Most civil servants who have been working at the Inland Revenue department in the finance ministry that morphed into the Namibia Revenue Agency (NamRA) have managed to retain job security and benefits since being co-opted by the agency as of 7 April 2021.
The strategic move by NamRA enables the new national tax body to utilise valuable skills staff have accumulated and still keep them in their initial positions.
Some of the workers who preferred anonymity for fear of reprisal, however, said they have been working for government for over 20 years and have accumulated substantial pensions, which they feared would be squandered if they were forced to resign and apply to the new agency.
Furthermore, the Ministry of Finance said it has not received any objections from staff members who are to be seconded to the relatively new NamRA, which was officially launched this year and is expected to directly employ at least 1 300 workers.
According to Tonateni Shdhudhu, the interim finance ministry spokesperson, a total of 1 313 finance ministry staff have already signed consent letters for secondment to NamRA.
“There were about seven staff members who did not sign due to pending disciplinary cases, but efforts are being made for them to sign and start receiving a secondment allowance like others,” Shidhudhu clarified in response to questions from New Era.
When asked where the finance ministry staff who have not agreed to be seconded to NamRA will be placed within government structures, Shidhudhu explained: “The idea was to deploy them in the civil service, to any office, ministry or agency where their services and skills are needed. However, we are happy to report that all of them have expressed interest to join NamRA and it is our hope that they will all be absorbed by the end of their secondment period.”
When queried about the secondment of former Inland Revenue commissioner Justus Mwafongwe, Shidhudhu noted Mwafongwe initially signed the consent letter for secondment but was subsequently requested to remain behind (at the finance ministry) to spearhead the establishment of the Tax Policy Unit.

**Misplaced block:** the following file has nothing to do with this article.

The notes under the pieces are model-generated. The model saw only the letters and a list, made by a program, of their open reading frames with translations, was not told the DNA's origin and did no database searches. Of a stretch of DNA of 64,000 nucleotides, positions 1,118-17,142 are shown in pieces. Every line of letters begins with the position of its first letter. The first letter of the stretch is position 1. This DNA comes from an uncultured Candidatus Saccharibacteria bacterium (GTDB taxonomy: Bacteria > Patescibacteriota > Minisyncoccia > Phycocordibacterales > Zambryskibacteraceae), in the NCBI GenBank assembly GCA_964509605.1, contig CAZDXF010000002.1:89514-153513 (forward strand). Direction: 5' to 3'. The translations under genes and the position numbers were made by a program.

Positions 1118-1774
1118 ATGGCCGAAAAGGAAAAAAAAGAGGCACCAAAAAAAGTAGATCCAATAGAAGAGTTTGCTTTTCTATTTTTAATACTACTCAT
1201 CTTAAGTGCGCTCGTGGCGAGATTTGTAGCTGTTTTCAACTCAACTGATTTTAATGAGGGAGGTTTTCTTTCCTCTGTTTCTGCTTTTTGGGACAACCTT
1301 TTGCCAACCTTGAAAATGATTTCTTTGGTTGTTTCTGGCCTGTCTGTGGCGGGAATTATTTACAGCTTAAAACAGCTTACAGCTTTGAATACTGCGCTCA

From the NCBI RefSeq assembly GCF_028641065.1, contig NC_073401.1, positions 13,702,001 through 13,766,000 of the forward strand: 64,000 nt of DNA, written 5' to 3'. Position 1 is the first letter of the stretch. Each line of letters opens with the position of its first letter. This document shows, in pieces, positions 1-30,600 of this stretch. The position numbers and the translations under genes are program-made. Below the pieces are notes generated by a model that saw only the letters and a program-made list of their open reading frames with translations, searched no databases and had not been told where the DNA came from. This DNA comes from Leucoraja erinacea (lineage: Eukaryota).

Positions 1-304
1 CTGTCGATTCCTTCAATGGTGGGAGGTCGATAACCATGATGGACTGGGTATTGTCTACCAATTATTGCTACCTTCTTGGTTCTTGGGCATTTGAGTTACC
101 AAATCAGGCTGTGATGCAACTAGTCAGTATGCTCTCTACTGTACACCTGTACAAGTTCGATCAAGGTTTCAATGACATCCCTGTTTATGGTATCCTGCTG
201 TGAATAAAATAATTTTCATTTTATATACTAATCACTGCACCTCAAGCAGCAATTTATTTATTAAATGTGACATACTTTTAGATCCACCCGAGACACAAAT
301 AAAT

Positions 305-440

“He is currently preoccupied with the establishment of such a unit which will be responsible for legislation and policies related to customs and taxes,” said Shidhudhu.
Meanwhile, other finance ministry employees fear losing employment benefits, like the Public Service Medical Aid Scheme (Psemas).
“What if I don’t make it through the probation period and have already resigned from my secured job at the ministry. What will I do?” asked a concerned staff member.
About two months ago NamRA, which already recruited its executives, commenced with the recruitment of 21 managers and a head of department for risk management and internal audit.
The management positions advertised were for inland revenue, customs and excise and general administration, audit and compliance, assets and facilities, tax intelligence and investigations, taxpayer education and international relations as well as customs tariffs management and compliance.
Another employee preferring anonymity, yesterday told New Era that only NamRA’s managers have received contracts.
“There is not a huge difference in salaries for administrative staff, which have increased slightly. We are now receiving an allowance for being seconded as we are waiting for NamRA to advertise our positions and only after this process will we be able to sign employment contracts,” said the employee.